Economic Emergency in Effect in Venezuela, as Supreme Court Rules in Favour of Executive

Venezuela’s top judiciary found that the January 14th executive decree declaring a state of economic emergency in the country is both constitutional and in force. 


Caracas, February 12th 2016 ( – The Venezuelan Supreme Court of Justice (TSJ) has ruled that President Nicolas Maduro’s January 14th decree declaring a state of economic emergency in the country is both constitutional and currently in force. 

The top court’s decision comes after the presidential decree was blocked on January 22nd by the National Assembly, which the rightwing MUD (Roundtable of Democratic Unity) coalition currently controls. 

The economic decree comes in the midst of a severe financial crisis in the country. Venezuela was hit by unprecedented levels of inflation in the last quarter of 2015, which leapt to more than 140%. It is also suffering from massively depleted national revenue due to the global slump in oil prices.

“Now that the economic emergency decree is in force, over the next few days I will activate a number of measures which I have been working on,” said President Nicolas Maduro on state television channel VTV.  

Useful and Necessary 

According to this week’s ruling, the Supreme Court found that the measures outlined in the presidential decree are “proportional, pertinent, useful and necessary” for the state to fulfil its constitutional social obligations, given the extent of the economic crisis.  

It also found the decree to be in compliance with international human rights treaties. 

The legal basis for the court’s capacity to overrule the National Assembly appears to lie in the fact that the legislative body waited more than the 48 hours required by the Law for States of Exception to hold a special session to review the economic emergency decree.  

According to the Law for States of Exception, if the National Assembly does not call a special session within 48 hours or make an official declaration within eight days after the decree is emitted, then “it will be understood as approved”.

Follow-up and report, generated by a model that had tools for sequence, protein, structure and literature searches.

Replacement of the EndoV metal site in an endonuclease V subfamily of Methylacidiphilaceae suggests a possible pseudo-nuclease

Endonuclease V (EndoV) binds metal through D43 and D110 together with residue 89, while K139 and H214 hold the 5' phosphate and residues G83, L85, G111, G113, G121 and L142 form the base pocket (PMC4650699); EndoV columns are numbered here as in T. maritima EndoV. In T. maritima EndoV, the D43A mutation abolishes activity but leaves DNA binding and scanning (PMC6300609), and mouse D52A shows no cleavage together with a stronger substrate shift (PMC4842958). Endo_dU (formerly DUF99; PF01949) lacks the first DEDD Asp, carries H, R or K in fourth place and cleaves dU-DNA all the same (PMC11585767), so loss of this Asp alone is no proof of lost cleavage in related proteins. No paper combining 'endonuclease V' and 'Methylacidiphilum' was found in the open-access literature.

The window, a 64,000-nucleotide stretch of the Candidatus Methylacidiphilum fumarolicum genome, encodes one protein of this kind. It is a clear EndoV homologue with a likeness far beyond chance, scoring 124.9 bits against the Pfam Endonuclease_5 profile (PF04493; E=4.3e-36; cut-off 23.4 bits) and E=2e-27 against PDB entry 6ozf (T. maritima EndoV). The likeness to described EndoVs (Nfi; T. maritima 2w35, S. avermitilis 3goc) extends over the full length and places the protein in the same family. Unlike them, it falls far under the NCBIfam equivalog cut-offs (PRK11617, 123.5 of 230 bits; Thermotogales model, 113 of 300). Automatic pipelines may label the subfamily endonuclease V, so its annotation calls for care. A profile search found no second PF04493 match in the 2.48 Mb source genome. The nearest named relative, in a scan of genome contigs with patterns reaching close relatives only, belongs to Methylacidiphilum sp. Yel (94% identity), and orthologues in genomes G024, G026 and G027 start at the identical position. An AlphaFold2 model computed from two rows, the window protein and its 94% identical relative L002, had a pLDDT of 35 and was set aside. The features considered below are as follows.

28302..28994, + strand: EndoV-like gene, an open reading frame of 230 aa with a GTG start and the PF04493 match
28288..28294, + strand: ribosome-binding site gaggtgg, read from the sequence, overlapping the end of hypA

“These circumstances violated the legal process, juridic security and due process consecrated in article 49. of the Constitution, (which are) fundamental pillars of the Constitutional State of Law,” reads the TSJ statement.  

Opposition legislators have contested the ruling, arguing that the Constitution allows the legislative body eight days to discuss the decree.  

But co-writer of the Bolivarian Constitution and constitutional lawyer, Hermann Escarrá, also argued that the Magna Carta does not give the National Assembly the power to block the presidential state of emergency decree, but rather to amend it or to deny the president permission to extend it if solicited. 

“The National Assembly disobeyed the constitutional norm in such a way as that the Supreme Court had no other option but to declare the  the Economic Emergency Decree as in force,” explained Escarra to news site Que Pasa. 

“Only on the request of an extension can it be revoked,” he added. 

Interpreting the Constitution

The Law for States of Exception also asserts that the decree will enter into law from the moment that it is published in the National Gazette. The decree in question was included in the January 14th publication by the national executive. 

It is the first time that a standoff of this kind between the legislature and executive has emerged since the Bolivarian Constitution of Venezuela came into effect in 1999, meaning that many of its articles are being interpreted for the first time.  

The National Assembly’s initial rejection of the law prompted a group of communal councils to file a request with the TSJ judges, who were asked to conduct an official interpretation of the Constitution with regard to the economic decree. 

According to the constitution, an economic emergency decree can legally be declared under “extraordinary circumstances,” which seriously affect the “economic life” of the country. 

Some of the proposals that Maduro has included in his state of economic emergency decree include: assigning more resources to public services, clamping down on tax avoidance and evasion, a presidential mandate to increase both public and private national production and creating a more streamlined process for importations. 

The decree will also allow the state to oblige individuals to put their “means of transport, warehouses and distribution lines” at the service of the public to combat the economic war. 

The decree is set to expire 60 days after it was emitted, but the president can seek to extend the decree pending approval by the National Assembly.  

Opposition legislators in the National Assembly have called the court’s ruling “unconstitutional” and claim that it will “aggravate the crisis”. 

“They don’t have the authority to do what they did,” said National Assembly President, Ramos Allup.

Allup also pledged to find “the most effective, efficient and least damaging way” of cutting short the current government’s term through “constitutional, democratic, pacific and electoral means”. 

Leaving the current president in charge for another six months would be “far too long,” he added. 

The current Chavista administration of Nicolas Maduro was elected to serve for the 2013-2019 government term.